Advent is all about waiting. And waiting is difficult.
We do well to remember that we are waiting on a God who is not in a hurry. He is never early. He is never late. He is always right on time. I think the Bible refers to this as ‘the fullness of time.’
My mind is naturally impatient. I want things to be done now. Then, when things are not done the way I desired for them to be done, I panic.
But as I grow in faith, I realize more and more that God doesn’t operate on a calendar and schedule in the manner that I do. His ways are not my ways. His thoughts are not my thoughts.
He is not subject to time. He is the Lord of time. He is outside of time. Time is His servant. Time does what He tells it to do.
I am, on the other hand, completely subject to time. I am inside of time. The best I can hope to do with time is redeem it and make the best use of it.
Therefore, I view life dissimilarly than God does. I view it through the linear lens of time, while He views it through the simultaneous lens of eternity.
So to my eyes, it is going to appear that He is not in a hurry, perhaps even careless (see John 11).
The following is an excerpt from Streams in the Desert (August 16) by L.B. Cowman.
In waiting, I waited, for the Lord (Psalms 40:1-6).
Waiting is much more difficult than walking. Waiting requires patience, and patience is a rare virtue. It is fine to know that God builds hedges around His people–when the hedge is looked at from the viewpoint of protection. But when the hedge is kept around one until it grows so high that he cannot see over the top, and wonders whether he is ever to get out of the little sphere of influence and service in which he is pent up, it is hard for him sometimes to understand why he may not have a larger environment–hard for him to “brighten the corner” where he is. But God has a purpose in all HIS holdups. “The steps of a good man are ordered of the Lord,” reads Psalm 37:23.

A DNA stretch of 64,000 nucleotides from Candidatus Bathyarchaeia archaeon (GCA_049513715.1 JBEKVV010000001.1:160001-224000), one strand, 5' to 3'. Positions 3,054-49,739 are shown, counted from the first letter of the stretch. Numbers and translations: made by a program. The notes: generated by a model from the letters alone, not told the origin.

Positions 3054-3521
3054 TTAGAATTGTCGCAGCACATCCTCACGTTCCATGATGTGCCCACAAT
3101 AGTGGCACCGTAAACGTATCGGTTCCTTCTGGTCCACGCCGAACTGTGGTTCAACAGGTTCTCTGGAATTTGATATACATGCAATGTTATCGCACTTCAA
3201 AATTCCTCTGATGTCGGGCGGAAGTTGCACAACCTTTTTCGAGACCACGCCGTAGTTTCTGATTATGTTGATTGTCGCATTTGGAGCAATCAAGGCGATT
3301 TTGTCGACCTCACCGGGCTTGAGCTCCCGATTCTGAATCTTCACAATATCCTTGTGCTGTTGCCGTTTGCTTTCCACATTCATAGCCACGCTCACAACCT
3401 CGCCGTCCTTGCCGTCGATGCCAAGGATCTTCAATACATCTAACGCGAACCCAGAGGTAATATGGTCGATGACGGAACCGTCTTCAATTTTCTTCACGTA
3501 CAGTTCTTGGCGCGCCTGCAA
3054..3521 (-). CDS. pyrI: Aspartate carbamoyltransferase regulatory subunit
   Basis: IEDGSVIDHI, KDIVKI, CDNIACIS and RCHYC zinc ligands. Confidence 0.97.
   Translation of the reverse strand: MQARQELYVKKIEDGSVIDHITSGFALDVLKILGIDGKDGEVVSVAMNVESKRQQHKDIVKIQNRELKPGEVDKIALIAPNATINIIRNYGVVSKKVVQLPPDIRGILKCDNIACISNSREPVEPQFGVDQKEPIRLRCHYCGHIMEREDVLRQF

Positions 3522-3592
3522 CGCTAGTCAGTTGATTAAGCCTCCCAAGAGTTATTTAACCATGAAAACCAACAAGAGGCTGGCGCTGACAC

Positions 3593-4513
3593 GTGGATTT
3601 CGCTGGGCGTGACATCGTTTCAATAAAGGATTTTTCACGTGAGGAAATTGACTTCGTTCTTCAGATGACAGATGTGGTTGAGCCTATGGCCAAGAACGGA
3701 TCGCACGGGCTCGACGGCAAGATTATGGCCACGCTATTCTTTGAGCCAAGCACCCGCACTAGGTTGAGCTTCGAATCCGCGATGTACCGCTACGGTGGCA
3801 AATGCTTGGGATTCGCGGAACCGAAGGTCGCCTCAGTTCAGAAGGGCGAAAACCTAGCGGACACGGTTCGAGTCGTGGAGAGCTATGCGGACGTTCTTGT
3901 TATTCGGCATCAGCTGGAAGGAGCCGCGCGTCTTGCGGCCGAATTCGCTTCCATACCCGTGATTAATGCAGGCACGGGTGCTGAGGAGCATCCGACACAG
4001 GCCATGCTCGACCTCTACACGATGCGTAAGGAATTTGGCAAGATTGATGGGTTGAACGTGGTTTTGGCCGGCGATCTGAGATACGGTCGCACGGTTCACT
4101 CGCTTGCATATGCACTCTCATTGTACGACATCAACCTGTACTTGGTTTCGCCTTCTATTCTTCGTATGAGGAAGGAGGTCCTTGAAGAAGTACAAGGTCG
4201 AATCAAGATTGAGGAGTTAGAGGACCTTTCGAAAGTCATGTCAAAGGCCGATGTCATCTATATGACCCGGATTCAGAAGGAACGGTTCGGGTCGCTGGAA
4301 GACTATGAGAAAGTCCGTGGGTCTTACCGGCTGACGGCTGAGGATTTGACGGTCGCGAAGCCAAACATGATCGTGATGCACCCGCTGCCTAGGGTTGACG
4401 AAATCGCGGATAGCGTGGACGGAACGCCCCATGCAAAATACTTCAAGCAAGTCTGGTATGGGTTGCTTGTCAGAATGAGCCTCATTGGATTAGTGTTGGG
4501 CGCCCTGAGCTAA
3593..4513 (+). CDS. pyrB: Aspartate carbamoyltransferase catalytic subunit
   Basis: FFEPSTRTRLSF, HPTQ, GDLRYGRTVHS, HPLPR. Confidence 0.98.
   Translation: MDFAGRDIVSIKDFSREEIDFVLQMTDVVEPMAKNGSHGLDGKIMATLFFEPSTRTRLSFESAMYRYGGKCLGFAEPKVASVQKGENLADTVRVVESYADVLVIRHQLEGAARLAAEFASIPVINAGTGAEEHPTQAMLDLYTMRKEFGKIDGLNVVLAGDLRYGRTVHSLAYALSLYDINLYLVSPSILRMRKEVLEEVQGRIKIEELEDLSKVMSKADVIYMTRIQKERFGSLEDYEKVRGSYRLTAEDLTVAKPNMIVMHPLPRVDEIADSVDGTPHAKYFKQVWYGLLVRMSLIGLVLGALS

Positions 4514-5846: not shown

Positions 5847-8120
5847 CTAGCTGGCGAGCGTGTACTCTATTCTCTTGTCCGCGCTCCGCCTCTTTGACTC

On the margin of his Bible at this verse George Mueller had a notation, “And the stops also.” It is a sad mistake for men to break through God’s hedges. It is a vital principle of guidance for a Christian never to move out of the place in which he is sure God has placed him until the Pillar of Cloud moves.
Now in this hope, we were saved, yet hope that is seen is not hope, because who hopes for what he sees? But if we hope for what we do not see, we eagerly wait for it with patience. Romans 8:24-25